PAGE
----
Current Research in Medicine

Hepatitis B and C Positivity in Various Categories of Human Immunodeficiency Virus Seropositive Individuals in a Regional STD Centre-an Eight-Year Evaluation of Trends and Risk Factors

Sumathi Muralidhar, Manju Bala, Rakesh K. Jain, Meenakshi Malhotra and Krishna Ray

DOI : 10.3844/amjsp.2010.103.108

Current Research in Medicine

Volume 1, Issue 2

Pages 103-108

Abstract

Problem statement: Among the various infections whose incidence has increased since the advent of HIV/AIDS, Hepatitis B and C stand out clearly. This is so because the routes of transmission of these infections are essentially the same as those of HIV/AIDS, making co-infections a common occurrence. The risk of infection for Hepatitis B and C is several times more than it is for HIV/AIDS and the trends in incidence of hepatitis are changing over time, which is what prompted the following 8 year study. Approach: The study was carried out at a Regional STD Centre in Delhi, among various categories of HIV seropositive persons (patients with STDs, AIDS, Asymptomatic cases and contacts of HIV seropositives), who were tested for HBsAg and HCV antibodies using approved kits. Results: Of 3197 HIV sero-positive samples including males, females, children and transgenders, 1545 were tested for HBsAg and 1553 for HCV antibodies. Of these, 8.9% tested positive for HBsAg, 8.3% for HCV antibody and 0.4% for both. Hepatitis B co-infection was present in all categories of HIV seropositive patients. A large proportion of HBsAg positives were full blown AIDS cases, while HCV positivity was very common among IVDUs. The incidence of HBV and HCV cases over 8 years, seem to show a downward trend, the reasons for which are discussed. Conclusion: Although extensive sero-positivity data on Hepatitis B and C in HIV patients is available from all over the globe, studies involving the various categories of HIV sero-positive cases, especially from developing countries, are scarce. Detecting the presence of Hepatitis B and C markers in HIV positive individuals will not only help formulate better treatment protocols, but also improve prognosis, survival and management of these patients and fuel adequate measures for appropriate allocation of resources in eliminating HBV and HCV infections too.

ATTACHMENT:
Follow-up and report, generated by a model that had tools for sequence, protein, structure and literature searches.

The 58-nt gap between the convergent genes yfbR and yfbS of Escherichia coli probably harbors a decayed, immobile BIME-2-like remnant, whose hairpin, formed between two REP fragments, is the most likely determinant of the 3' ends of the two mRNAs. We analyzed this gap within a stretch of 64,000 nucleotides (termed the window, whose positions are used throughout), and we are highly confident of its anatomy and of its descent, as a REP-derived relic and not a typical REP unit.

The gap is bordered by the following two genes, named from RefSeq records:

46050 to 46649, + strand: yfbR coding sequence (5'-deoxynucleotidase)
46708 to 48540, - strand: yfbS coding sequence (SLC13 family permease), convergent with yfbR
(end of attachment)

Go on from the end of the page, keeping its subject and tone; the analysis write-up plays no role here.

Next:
Copyright

© 2010 Sumathi Muralidhar, Manju Bala, Rakesh K. Jain, Meenakshi Malhotra and Krishna Ray. This is an open access article distributed under the terms of the Creative Commons Attribution License, which permits unrestricted use, distribution, and reproduction in any medium, provided the original author and source are credited.